Facebook has begun passing keyword data to websites that receive referral traffic from search queries that originate on the social network, allowing sites to more accurately track where visitors are coming from.
With the launch of Graph Search, Facebook more deeply incorporated Bing so that queries that can’t be answered by Facebook’s internal search, will direct users to a page of results powered by Bing. This could lead more users to conduct searches through Facebook that end up on third-party sites. However, previously, there was no way for someone to tell whether a visitor from Facebook came via search or a shared link somewhere on the site.
G-Squared Interactive’s Glenn Gabe says the social network recently changed this and started including keyword strings along with the referrer of a URL.
Typically analytics providers classify search engines differently from other sites and they allow people to see the keywords that users searched for to find a site. For now, platforms like Google Analytics don’t recognize Facebook as a search engine so users will have to do some manual configuration to be able to see and track their Graph Search traffic and keywords. Gabe describes how to do this here.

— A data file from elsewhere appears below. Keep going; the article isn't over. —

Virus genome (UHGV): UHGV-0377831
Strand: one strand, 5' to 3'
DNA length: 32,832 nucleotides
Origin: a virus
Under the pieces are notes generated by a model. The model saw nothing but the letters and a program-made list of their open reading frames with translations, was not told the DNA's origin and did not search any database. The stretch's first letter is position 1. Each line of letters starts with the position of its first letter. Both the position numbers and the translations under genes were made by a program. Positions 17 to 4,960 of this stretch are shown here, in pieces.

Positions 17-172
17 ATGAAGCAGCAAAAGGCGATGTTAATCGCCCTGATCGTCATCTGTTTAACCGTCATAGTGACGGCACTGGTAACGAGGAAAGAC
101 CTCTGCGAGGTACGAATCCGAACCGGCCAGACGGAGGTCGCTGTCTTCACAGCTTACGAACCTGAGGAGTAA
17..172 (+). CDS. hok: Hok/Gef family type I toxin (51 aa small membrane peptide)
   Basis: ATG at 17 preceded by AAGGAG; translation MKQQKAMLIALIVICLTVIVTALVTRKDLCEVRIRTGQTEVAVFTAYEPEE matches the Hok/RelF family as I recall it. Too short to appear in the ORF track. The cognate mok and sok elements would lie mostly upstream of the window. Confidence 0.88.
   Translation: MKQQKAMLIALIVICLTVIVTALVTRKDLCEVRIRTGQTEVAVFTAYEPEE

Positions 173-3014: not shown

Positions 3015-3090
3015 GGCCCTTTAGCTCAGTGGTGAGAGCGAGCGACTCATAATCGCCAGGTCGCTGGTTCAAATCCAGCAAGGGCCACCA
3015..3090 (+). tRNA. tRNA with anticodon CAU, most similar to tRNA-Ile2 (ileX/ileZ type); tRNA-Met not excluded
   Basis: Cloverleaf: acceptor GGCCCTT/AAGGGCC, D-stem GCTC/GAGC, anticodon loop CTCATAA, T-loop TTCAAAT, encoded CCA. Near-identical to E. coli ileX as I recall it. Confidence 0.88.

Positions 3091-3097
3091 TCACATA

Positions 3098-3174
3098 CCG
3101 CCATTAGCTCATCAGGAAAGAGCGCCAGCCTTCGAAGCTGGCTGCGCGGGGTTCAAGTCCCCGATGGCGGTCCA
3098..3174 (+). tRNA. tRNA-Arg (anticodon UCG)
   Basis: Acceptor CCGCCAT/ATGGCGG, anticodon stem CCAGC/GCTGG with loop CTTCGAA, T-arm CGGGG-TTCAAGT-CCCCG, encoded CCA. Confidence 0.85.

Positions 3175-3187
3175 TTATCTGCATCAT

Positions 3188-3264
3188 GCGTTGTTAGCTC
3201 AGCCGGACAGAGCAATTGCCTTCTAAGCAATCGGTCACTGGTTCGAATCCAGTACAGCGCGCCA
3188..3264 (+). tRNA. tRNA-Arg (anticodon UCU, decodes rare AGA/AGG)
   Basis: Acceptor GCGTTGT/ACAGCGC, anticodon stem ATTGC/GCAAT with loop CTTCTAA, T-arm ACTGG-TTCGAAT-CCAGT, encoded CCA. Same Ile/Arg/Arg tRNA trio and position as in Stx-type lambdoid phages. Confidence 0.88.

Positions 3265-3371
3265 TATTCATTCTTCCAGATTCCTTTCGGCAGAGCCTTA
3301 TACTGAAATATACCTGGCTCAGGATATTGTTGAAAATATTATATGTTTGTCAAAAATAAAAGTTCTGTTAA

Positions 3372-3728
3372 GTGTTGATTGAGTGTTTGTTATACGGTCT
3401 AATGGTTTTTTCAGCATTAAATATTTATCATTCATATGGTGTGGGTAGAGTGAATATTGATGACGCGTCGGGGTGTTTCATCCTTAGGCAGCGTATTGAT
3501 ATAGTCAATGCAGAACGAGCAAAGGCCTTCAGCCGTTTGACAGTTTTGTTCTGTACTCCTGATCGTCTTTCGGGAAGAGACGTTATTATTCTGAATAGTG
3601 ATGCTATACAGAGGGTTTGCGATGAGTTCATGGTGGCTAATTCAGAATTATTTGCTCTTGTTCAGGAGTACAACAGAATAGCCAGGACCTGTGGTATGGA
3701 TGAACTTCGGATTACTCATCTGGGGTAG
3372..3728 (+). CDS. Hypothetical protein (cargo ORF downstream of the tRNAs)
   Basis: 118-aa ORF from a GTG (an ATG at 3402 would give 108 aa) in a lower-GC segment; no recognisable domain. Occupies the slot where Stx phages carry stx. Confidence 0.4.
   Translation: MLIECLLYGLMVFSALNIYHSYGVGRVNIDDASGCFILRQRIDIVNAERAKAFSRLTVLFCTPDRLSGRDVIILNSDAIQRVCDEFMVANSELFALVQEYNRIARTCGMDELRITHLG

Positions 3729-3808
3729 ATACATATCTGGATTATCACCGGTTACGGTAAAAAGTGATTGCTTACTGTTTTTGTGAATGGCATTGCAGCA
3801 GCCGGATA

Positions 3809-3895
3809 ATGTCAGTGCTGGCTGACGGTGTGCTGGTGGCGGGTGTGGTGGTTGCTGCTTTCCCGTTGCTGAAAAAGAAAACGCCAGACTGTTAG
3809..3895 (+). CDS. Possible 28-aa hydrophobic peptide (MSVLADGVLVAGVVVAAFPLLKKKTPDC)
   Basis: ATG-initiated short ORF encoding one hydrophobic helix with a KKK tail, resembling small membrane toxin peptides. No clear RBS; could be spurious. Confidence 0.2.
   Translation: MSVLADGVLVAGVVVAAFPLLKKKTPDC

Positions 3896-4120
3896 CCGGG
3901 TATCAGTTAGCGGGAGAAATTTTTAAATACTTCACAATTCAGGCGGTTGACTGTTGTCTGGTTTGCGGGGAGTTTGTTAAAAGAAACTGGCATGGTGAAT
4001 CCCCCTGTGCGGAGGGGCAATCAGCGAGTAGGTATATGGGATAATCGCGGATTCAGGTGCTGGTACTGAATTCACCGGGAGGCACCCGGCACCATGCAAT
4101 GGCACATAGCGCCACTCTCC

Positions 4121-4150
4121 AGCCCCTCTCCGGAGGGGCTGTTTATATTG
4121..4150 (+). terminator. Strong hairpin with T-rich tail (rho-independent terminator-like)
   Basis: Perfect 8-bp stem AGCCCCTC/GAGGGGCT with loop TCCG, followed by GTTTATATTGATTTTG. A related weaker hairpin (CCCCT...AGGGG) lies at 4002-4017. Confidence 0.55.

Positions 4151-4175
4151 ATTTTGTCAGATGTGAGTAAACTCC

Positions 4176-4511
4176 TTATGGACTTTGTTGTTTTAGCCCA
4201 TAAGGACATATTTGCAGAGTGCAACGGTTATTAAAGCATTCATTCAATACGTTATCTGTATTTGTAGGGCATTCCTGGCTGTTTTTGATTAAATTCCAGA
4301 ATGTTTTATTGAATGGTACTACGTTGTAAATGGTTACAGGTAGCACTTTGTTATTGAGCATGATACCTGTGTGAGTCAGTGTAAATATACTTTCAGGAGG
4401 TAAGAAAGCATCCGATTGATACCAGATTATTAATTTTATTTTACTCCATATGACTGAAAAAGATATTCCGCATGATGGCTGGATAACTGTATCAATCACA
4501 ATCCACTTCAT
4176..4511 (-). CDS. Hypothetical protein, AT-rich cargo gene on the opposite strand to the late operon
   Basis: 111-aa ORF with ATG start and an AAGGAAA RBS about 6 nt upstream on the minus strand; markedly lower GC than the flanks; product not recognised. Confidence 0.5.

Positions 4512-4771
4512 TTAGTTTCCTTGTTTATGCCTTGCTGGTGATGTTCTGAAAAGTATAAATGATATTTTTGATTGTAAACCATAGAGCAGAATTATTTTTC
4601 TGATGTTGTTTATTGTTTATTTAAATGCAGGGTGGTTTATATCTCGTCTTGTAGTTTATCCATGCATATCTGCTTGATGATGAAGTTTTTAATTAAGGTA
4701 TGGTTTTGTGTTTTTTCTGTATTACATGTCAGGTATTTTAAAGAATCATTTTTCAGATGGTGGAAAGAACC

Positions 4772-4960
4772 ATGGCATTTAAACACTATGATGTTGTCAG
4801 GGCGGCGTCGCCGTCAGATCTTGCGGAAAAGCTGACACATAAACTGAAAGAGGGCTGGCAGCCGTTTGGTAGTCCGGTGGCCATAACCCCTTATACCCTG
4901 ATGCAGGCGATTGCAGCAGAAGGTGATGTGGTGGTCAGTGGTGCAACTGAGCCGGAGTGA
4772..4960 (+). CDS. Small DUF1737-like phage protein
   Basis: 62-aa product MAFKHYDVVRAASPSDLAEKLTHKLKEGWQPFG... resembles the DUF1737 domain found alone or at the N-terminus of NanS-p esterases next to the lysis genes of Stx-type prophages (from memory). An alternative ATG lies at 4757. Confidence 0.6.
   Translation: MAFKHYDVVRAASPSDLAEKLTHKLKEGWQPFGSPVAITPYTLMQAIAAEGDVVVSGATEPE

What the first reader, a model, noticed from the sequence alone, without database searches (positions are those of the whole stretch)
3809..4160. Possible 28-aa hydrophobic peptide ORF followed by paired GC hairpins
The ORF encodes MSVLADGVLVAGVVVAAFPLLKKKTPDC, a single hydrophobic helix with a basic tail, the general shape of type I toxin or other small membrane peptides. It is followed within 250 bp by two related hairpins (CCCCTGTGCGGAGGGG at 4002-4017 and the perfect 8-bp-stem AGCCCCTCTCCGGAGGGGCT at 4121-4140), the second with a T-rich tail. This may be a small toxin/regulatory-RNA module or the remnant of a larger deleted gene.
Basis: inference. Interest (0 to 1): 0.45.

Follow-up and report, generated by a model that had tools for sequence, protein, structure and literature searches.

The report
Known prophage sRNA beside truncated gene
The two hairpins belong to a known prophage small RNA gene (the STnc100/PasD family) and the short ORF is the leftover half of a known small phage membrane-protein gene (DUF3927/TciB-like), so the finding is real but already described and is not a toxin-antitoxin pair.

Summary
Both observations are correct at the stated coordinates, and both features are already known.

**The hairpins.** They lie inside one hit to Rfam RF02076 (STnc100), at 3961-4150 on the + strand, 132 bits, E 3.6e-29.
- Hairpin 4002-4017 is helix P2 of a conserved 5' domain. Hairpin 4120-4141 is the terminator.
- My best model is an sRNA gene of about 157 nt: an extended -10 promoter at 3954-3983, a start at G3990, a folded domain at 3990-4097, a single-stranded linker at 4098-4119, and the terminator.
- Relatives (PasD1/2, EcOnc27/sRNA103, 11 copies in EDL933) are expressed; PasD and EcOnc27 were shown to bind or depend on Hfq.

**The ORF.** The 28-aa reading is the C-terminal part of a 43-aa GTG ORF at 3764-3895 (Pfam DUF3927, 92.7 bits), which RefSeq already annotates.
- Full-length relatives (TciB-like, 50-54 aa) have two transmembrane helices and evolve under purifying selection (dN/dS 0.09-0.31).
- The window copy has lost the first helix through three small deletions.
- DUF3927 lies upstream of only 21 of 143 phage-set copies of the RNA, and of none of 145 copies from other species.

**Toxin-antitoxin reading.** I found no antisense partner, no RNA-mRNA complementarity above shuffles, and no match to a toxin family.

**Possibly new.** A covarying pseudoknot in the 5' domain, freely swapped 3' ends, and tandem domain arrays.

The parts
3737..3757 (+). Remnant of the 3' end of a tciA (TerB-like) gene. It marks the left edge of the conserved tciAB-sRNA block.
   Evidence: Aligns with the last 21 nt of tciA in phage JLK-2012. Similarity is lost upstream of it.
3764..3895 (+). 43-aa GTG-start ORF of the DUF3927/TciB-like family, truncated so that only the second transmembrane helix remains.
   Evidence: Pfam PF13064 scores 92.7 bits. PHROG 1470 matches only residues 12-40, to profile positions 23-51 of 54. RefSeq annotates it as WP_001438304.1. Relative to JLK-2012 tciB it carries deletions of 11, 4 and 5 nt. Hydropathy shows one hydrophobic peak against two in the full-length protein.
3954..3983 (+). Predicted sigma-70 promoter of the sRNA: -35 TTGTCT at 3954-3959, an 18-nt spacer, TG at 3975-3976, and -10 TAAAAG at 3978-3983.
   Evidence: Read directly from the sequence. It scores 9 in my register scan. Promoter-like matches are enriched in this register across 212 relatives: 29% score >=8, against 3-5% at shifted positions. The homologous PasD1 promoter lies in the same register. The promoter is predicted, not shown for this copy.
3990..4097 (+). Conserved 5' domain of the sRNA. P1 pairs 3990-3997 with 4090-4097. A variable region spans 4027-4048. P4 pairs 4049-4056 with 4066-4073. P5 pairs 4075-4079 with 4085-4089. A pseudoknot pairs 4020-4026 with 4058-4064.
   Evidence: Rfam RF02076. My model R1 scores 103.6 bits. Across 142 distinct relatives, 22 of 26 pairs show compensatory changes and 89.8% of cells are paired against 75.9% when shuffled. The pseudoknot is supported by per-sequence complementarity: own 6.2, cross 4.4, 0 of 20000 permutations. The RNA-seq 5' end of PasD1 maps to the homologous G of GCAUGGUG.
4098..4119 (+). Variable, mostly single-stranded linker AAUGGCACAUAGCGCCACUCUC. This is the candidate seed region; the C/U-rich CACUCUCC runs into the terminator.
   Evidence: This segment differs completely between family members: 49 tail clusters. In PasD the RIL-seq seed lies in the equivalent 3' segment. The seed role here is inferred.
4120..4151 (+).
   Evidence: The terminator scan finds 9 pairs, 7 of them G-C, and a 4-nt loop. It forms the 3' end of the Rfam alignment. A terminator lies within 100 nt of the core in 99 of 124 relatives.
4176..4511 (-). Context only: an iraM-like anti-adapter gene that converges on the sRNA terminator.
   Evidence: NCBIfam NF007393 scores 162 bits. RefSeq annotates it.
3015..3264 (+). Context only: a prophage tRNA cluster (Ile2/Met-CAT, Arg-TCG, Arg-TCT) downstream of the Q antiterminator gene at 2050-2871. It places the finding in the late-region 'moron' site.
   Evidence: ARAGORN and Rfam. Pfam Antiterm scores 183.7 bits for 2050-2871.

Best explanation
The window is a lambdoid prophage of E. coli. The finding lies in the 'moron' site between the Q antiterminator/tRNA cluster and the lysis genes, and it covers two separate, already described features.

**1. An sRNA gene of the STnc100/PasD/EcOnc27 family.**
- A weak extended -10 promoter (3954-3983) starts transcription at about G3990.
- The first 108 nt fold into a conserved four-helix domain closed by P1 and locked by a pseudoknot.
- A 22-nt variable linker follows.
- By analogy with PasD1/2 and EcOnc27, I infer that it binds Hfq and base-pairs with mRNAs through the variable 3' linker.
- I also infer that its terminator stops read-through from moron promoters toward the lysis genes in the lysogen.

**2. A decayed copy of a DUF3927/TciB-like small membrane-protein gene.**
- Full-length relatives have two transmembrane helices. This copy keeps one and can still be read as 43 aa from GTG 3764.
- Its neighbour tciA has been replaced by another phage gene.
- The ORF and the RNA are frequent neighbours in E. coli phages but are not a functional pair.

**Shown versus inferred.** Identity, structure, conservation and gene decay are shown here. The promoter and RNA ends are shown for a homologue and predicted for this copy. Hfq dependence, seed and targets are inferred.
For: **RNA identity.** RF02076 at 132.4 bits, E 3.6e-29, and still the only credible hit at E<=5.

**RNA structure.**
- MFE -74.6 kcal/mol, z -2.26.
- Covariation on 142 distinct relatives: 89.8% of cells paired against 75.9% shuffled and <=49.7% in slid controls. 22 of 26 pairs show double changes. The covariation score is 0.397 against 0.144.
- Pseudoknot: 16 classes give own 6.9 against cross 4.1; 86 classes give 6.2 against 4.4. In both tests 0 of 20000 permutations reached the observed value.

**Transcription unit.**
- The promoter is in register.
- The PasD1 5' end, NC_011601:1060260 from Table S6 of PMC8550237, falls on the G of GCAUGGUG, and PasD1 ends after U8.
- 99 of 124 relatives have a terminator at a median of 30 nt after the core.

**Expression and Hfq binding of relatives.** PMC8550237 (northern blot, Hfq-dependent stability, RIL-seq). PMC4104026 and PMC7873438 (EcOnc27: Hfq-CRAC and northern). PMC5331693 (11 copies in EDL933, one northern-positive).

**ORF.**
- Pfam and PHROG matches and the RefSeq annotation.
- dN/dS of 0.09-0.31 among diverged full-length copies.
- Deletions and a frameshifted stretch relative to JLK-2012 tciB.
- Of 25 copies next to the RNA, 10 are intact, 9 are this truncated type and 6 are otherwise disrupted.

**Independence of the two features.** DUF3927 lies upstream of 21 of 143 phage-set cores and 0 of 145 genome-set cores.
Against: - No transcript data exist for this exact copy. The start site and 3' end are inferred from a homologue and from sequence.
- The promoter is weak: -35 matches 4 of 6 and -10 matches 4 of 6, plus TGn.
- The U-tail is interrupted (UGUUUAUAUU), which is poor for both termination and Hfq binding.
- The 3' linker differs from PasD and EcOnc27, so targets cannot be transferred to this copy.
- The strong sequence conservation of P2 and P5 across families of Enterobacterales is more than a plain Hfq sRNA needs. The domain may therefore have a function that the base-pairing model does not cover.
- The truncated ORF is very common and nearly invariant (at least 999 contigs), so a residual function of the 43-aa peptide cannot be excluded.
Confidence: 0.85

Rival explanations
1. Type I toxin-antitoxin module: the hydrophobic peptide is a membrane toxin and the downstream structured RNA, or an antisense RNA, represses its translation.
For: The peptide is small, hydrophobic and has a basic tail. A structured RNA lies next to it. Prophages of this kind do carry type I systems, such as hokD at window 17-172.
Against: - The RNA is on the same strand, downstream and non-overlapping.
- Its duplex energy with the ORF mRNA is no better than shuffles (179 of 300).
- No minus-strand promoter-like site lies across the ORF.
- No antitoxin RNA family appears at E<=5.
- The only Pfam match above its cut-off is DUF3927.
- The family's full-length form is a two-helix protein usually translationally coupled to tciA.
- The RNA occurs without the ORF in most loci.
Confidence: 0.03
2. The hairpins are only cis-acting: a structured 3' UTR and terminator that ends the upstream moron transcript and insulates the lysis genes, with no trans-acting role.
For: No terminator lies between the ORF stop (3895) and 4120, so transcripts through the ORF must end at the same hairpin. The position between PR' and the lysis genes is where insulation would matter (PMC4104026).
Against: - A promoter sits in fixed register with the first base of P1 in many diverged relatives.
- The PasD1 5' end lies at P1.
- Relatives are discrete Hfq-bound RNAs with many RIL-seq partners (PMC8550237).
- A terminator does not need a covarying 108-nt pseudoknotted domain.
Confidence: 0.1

Graph Search is in limited beta among a small percentage of English-speaking users on desktop. The number of referrals to any given site is likely to be very small right now, but it would be valuable for any publisher to understand how people are using Graph Search to find their site, especially as the product evolves and usage increases.
URL image via G-Squared Interactive.